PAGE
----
Arisaema triphyllum

Kingdom: Plant

Phylum: Angiosperm/Flowering Plant

Class: Monocot

Order: Alismatales

Family: Araceae / Arum family

Genus: Arisaema

Species: triphyllum

Where in the OLL?

  • A shade loving plant that is hidden underneath the canopy of other flowers, shrubs, and trees in the Botanical Garden. Has been planted in the gardens and is also naturally occurring in the GCC forest.
  • The Botanical Gardens at GCC consists of native plants planted near a wetland environment which is a perfect habitat.

Plant growth form

Jack-in-the-pulpit leaf

Photo by Missouri Botanical Gardens

  • Herbaceous
  • Two large green, compound, long-petiole leaves (1-1.5′ long), divided into three leaflets each, emanate upward from a single stalk and provide umbrella-like shade to the flower.
  • Basal leaf, grows from lowest part of stem, only at the base of the plant. The leaf blade is elliptic (widest near the middle and tapering at both ends), it is also oblanceolate (lance-shaped, but with the widest point above the middle of the leaf blade). The leaf blade is ovate (widest below the middle and broadly tapering at both ends). Leaf blade length up to 11.9in.

Flowers, fruits & pollinators

  • It is monoecious meaning different flower types occur separately but on the same plant.
  • The flower is an inflorescence type. The inflorescence is a spike which is a long unbranched stem with flowers along it that lack stalks.
  • The classic phrase for this plant is (and others like it) is ‘spathe and spadix.’
  • Flowering plants initially produce only pollen-producing (‘male’) flowers, but become monoecious as they age with male flowers on upper part of spadix and ovule-producing (‘female’) flowers on lower part.
  • Flower structure consists of the spadix (Jack) which is an erect spike containing numerous, tiny, green to purple, maroon striped, flowers and the sheath-like spathe (pulpit) which encases the lower part of the spadix and then opens to form a hood extending over the top of the spadix. The outside of the spathe is usually green or purple and the inside is usually striped purple and greenish white, though considerable color variations exist.
  • The ovary is above the point of petal and/or sepal attachment
  • Most plants occur in a colony and will vanish by mid-summer (become dormant), but the mature, monoecious flowering plant will produce a cluster of red berries in mid-to-late summer which becomes visible as the spathe withers.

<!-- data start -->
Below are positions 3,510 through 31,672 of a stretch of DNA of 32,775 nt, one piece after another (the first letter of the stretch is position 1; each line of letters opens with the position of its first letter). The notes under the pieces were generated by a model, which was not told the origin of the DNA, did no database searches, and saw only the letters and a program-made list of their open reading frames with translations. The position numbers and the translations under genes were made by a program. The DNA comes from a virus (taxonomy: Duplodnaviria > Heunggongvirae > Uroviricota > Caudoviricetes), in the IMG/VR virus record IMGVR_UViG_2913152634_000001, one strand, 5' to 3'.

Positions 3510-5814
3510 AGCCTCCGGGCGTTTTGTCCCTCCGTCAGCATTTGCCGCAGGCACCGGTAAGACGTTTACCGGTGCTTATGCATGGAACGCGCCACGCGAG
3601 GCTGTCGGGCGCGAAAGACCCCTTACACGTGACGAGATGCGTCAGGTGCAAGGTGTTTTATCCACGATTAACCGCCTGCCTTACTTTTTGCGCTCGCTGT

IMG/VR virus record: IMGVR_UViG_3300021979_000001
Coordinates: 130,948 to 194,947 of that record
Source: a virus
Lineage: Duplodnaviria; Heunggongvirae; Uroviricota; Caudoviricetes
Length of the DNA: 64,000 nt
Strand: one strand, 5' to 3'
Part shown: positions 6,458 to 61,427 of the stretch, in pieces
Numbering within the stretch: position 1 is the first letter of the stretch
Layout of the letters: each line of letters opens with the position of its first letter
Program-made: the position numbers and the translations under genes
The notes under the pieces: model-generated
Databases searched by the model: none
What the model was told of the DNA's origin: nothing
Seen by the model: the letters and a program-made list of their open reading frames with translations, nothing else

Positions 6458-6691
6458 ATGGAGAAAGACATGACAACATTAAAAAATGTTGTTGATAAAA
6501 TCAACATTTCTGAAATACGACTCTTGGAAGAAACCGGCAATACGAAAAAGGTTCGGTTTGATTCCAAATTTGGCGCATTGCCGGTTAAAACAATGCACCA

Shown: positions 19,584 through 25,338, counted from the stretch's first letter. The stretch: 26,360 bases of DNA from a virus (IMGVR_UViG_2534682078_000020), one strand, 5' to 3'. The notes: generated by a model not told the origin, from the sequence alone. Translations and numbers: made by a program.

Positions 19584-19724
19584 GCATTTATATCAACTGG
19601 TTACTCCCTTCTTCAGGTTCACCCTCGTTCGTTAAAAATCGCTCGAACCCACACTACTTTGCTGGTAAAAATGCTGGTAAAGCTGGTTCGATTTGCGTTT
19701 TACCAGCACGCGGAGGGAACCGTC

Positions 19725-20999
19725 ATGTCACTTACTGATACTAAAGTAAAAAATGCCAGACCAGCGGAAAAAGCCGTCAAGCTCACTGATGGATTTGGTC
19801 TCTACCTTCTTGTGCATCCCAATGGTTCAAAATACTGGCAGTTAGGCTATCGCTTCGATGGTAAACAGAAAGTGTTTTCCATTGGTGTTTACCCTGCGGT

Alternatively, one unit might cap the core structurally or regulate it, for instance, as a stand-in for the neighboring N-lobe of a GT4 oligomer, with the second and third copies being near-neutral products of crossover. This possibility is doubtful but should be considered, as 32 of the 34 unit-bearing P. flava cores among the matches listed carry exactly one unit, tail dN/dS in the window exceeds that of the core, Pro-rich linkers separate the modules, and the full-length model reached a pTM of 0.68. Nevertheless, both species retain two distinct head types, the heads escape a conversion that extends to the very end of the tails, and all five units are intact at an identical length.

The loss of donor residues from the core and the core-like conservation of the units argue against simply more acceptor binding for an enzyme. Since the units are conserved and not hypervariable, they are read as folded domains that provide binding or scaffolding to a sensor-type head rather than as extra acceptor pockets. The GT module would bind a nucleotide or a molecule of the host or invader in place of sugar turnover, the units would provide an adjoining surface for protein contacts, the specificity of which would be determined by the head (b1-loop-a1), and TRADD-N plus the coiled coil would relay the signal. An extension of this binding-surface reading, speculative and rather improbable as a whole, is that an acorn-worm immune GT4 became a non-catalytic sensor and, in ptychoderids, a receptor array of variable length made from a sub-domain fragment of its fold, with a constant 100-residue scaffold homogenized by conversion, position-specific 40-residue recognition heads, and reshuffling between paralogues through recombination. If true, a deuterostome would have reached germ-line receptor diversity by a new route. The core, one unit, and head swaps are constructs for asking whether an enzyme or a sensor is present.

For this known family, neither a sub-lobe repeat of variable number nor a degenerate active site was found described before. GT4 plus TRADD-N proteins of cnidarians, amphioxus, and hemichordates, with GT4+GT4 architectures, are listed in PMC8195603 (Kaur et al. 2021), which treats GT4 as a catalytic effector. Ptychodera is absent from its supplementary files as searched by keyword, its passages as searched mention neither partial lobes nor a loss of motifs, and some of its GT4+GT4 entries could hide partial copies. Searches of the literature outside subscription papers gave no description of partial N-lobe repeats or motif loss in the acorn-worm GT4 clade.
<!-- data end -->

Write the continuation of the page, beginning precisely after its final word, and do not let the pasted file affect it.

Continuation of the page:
• Flowers March- June depending on location.

Ideal location, conditions & cultural needs

Range map of the Jack-in-The-Pulpit

Photo by USDA Plants Database

  •  Grows well in part shade to full shade.
  • Found in rich, moist, deciduous woods, floodplains, bogs, fens, forests, marshes, shores of rivers or lakes, swamps, wetland margins (edges of wetlands).

Planning & maintenance

  • A long lived perennial (25+ years), it will spread and colonize over time, mostly from the corms.

Cultivars & propagation

  • Seeds should be cleaned as soon as possible after collection because they lose viability if allowed to dry out.
  • Berries can be smashed with a large spoon or by hand, and the seeds separated by rinsing them in a strainer, picking out large debris.
  • Following cleaning, seeds should be immediately placed into cold moist stratification for 60 to 90 days in vermiculite, inside a ziplock bag in the refrigerator, for example.
  • Alternatively, ripe berries can be tossed directly on to the soil if the site is appropriate with high rates of germination resulting the following spring. The cold stratification happens naturally.

Pests & pathogens

  • Attractive to slugs which can be managed with diatomaceous earth.
  • Deer eat the roots, while wood thrush, turkeys, and other wild birds eat the berries.

Landscape & ecosystem

  • The unusual flowers, attractive 3-parted leaves, and showy red fruits make this species an attractive addition to a shady plant gardens.

Human uses

  • Considered dangerous and should not be eaten raw.
  • This plant should not be used for any medical treatment except under the direction of a physician. When prepared properly, the toxic effects of the plant may be removed and it can be used to treat croup, whooping cough, asthma, other respiratory illnesses, external sores, and to reduce inflammation and ease swollen joints. It is not used today in modern medicine.
  • The corm of the plant was used by Native Americans as a source of food.


Plant catalogued by Miranda Avery
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